The Awesome Power of Being Boring - Part 2
Post date: Jul 28, 2014 10:47:25 PM
Quoted from Martin Luther King
Having difficulty getting into a practice routine for your tango?
Here's eight steps to starting and maintaining a practice habit. They're accompanied by some silly cartoons for a giggle. Such an earnest subject needs a bit of light relief!
But first, please make sure to read The Awesome Power of Being Boring - Part 1; upon which these strategies are based. It will also explain the ironic title!
1) Set a specific, achievable goal
Define and visualise yourself dancing the way you would ultimately like to dance. Notice how that looks and feels.
Focus on the elements involved in that dancing - for example, musicality, repertoire of moves, posture, ornamenting, or some other element that inspires you. Choose one or several that you would like to improve.
Let's use for example the tango walk...
"I have a beautiful tango walk."
will not be as effective as, for example...
" I walk with balance and elegance, connected to my partner and the music."
Make your goal achievable!
2) Set "micro quotas"
Work out the minimum amounts of work that you are prepared to commit to doing every day to achieve your dancing goal.
When beginning it's best to set extremely low quotas.
For example, replace:
"I will practice the tango walk 30 minutes every day with my partner."
"I will practice the tango walk with my partner for at least 5 minutes every day."
3) Visualise yourself dancing the way you would like to dance and include the specific practice required.
" I will walk with balance and elegance, connected to my partner and the music - by practicing the tango walk with my partner for at least 5 minutes every day."
4) Link the desired habit to an already existing habit
Such habits could include "arriving home", "eating lunch", "before work" and so on. For example:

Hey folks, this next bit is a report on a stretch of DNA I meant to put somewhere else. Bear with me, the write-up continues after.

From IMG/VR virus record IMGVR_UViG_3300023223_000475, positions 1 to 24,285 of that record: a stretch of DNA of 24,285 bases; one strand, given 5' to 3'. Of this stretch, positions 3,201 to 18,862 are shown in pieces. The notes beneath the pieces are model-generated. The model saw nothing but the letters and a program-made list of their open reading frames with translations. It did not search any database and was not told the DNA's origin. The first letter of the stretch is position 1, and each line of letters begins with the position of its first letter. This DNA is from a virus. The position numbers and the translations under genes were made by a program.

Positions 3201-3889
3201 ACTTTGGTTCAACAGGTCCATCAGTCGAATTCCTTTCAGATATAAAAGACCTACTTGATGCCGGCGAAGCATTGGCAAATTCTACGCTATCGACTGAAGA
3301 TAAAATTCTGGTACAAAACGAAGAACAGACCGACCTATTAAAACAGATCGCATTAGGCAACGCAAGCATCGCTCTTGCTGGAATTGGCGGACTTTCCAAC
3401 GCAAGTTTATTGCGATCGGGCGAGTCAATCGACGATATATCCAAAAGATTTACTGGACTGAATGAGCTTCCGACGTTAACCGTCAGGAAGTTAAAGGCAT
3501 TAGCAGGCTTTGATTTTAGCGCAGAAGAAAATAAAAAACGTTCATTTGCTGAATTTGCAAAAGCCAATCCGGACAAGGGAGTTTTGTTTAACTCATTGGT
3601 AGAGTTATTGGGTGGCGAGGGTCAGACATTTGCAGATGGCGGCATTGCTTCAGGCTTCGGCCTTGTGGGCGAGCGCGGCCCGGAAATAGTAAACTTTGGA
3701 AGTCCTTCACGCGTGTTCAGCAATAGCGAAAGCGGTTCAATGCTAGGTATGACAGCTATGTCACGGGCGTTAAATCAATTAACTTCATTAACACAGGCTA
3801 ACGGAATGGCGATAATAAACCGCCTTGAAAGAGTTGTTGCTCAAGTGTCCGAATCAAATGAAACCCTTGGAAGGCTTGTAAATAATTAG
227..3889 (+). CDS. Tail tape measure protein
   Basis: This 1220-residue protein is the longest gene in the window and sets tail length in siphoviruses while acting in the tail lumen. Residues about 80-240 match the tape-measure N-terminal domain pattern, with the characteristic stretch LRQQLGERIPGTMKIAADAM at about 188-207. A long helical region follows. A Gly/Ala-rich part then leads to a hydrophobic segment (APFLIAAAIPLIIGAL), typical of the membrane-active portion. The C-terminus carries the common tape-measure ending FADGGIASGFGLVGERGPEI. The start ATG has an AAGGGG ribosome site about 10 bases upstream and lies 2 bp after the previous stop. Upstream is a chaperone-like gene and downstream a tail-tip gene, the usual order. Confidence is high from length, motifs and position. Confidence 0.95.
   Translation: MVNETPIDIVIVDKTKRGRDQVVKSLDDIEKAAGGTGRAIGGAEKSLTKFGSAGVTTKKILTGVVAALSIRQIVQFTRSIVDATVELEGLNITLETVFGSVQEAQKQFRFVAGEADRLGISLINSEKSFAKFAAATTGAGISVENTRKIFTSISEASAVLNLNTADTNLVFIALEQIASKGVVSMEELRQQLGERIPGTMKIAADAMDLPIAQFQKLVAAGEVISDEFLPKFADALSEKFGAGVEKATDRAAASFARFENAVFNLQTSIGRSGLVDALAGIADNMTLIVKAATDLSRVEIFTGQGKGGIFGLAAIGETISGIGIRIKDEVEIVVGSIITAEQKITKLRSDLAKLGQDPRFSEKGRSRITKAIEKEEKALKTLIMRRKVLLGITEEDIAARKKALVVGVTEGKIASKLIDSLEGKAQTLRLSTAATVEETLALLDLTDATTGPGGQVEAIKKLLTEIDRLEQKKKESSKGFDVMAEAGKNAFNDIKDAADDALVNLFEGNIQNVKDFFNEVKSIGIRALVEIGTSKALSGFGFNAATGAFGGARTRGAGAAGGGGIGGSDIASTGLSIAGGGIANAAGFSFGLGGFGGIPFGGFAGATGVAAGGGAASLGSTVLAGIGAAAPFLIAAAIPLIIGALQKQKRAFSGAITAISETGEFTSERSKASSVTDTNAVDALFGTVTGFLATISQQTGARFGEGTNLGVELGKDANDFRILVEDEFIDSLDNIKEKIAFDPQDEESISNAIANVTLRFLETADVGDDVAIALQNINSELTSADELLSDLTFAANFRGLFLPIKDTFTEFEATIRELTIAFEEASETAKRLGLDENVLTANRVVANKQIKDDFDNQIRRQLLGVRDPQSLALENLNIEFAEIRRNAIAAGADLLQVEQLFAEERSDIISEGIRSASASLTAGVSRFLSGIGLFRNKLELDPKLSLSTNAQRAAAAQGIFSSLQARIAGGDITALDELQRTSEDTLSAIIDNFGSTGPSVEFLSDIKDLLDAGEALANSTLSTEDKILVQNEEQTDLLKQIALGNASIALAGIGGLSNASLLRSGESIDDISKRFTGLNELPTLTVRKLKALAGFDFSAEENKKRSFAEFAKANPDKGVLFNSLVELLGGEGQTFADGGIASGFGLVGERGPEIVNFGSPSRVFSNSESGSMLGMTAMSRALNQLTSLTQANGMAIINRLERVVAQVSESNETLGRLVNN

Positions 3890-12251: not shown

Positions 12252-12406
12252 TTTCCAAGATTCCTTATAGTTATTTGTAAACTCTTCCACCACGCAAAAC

"I will walk with balance and elegance, connected to my partner and the music - by practicing the tango walk after work with my partner for at least 5 minutes every day."
5) Get rid of obstacles to starting your practice
Identify where exactly "getting started" falls apart for you and create shortcuts so that any disruptions to your routine are lessened.
Remove disruptions to getting started by using If - Then statements.
For example, if you feel too tired to practice...
"If I feel too tired to practice the tango walk with my partner, then I will first listen to some inspirational tango music or watch an inspiration tango video to help motivate me."
...or if your partner is the one who can't get motivated to practice?..
"If my partner is not in the mood to practice , then I will practice solo."
6) When you can't get started - focus on your achievements
There are likely to be moments when no matter what motivational strategies you use, you just can't get sufficiently inspired to do your practice.
When that happens focus on the total days you’ve done your habit, rather than the fact that you broke the routine.
7) Reduce variability
Aim to do your practice in the same place and time each day.
Make sure your music, practice shoes and whatever other parerphanalia you require are easy to access.
8) Record and track your progress
Write down your goal and micro-quota/s
Keep a record of when and how long you practice